Gender and value chains:

Value chains and poverty reduction

Value chains and access to markets:

CIAT manual on smallholder chains

I can see two approaches in maximising the involvement of poor people and/or women in value chains. One is to maximise the participation women and poor people (the target group) at each stage or function within a value chain. Thus enterprises owned individually or collectively by members of the target group would undertake a number of different functions such as input supply, production, service provision, marketing and processing. An example of such a value chain is the backyard poultry value chain in Bangladesh that has been supported by a number of programmes, including the recently completed IFAD-support Micro Finance and Technical Support Project. Further details on this value chain can be found at: http://www.ifad.org/english/operations/pi/bgd/documents/poultry.pdf.

In many situations it may not be realistic for the target group to take control of a number of different links in a value chain. Small-scale producers (or producer organisations) may not be able to compete in areas such as input supply, marketing and processing. In such a situation, efforts to expand the role of the target group into these other functions may not be sustained once direct project support ends. However value chain interventions can still improve the access to markets for the target group, and so increase their income. Interventions to enable the target group to improve their production to better meet market requirements (in terms of product type, quality, timeliness and volume) can increase the prices that they are paid. One way of doing this is to link producers with buyers, possibly at a later stage in the marketing chain than at which they currently sell (for example a producer group could sell to an urban wholesaler rather than as individuals in a rural assembly market. The result of such as intervention could be to increase the share of the final consumer price that accrues to the target group, and so improve their terms of trade.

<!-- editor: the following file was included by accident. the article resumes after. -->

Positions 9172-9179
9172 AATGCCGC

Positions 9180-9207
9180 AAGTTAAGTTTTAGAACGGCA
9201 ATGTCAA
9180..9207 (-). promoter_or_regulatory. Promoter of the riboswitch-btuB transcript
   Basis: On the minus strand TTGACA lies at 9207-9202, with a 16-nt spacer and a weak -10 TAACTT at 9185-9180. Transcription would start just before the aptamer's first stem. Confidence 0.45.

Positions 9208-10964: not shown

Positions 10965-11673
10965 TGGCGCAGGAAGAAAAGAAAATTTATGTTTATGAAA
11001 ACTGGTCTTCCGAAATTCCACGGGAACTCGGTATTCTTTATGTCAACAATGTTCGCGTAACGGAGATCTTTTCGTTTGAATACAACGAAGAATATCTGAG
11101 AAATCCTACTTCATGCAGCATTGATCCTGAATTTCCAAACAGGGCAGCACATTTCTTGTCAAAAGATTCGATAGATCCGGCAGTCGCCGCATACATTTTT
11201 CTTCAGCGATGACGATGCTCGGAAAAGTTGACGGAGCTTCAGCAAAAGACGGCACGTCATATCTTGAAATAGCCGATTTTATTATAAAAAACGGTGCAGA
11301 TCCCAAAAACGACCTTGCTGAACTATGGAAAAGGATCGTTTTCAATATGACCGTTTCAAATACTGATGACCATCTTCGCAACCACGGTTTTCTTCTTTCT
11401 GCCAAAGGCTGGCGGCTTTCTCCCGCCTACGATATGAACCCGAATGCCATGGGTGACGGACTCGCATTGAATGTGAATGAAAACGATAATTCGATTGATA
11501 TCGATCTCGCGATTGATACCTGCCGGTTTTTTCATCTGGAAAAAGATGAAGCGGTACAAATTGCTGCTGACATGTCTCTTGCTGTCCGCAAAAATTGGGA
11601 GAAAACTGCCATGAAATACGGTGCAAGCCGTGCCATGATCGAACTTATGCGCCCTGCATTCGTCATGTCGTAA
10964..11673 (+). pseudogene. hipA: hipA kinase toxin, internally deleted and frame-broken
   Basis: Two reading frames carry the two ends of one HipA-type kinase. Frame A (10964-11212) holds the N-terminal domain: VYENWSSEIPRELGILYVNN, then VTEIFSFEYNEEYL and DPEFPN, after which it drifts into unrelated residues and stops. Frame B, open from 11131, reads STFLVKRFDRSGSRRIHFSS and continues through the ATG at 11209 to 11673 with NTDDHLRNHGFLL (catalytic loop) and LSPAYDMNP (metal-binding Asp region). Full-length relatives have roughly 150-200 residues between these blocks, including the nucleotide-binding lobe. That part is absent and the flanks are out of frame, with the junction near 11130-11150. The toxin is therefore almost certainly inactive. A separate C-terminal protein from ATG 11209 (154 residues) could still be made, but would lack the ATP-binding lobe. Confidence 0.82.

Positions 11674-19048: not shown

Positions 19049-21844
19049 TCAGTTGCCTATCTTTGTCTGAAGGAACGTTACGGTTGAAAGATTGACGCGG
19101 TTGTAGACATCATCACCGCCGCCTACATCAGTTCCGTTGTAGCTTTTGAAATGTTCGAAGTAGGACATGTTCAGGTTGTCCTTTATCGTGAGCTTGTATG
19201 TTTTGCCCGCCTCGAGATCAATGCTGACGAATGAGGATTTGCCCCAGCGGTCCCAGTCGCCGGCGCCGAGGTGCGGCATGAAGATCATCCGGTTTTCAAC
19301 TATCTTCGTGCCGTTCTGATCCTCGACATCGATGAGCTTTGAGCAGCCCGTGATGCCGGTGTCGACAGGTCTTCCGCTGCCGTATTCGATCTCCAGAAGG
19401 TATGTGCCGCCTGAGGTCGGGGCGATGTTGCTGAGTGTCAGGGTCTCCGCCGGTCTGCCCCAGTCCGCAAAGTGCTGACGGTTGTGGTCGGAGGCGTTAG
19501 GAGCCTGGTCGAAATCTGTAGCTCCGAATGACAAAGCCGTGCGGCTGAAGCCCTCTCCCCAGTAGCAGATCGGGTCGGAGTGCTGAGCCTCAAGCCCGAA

I hope this is of some use.

Edward Mallorie

Posted on 2/23/12 2:45 PM.

Thanks Mr. Edward for sharing these excellent thoughts, examples and links.
Very useful Indeed.

Best regards,

Posted on 2/24/12 4:41 AM in reply to Edward Mallorie.

Dear Edward Mallorie,

I would like to thank you so much for your sharing.


Posted on 2/24/12 7:39 AM in reply to Edward Mallorie.

Dear All,

Thank you for your responses. This query was run on IFADAsia, APMAS Network email group, and APMAS Gender facebook page. Many responses were received, we have compiled the responses and prepared a summary of discussion. Please look into the resource section of this website for the summary of discussion, or visit to the following link address:

Thank you again for your responses.


Posted on 3/2/12 6:59 AM in reply to NONG THI NGOC.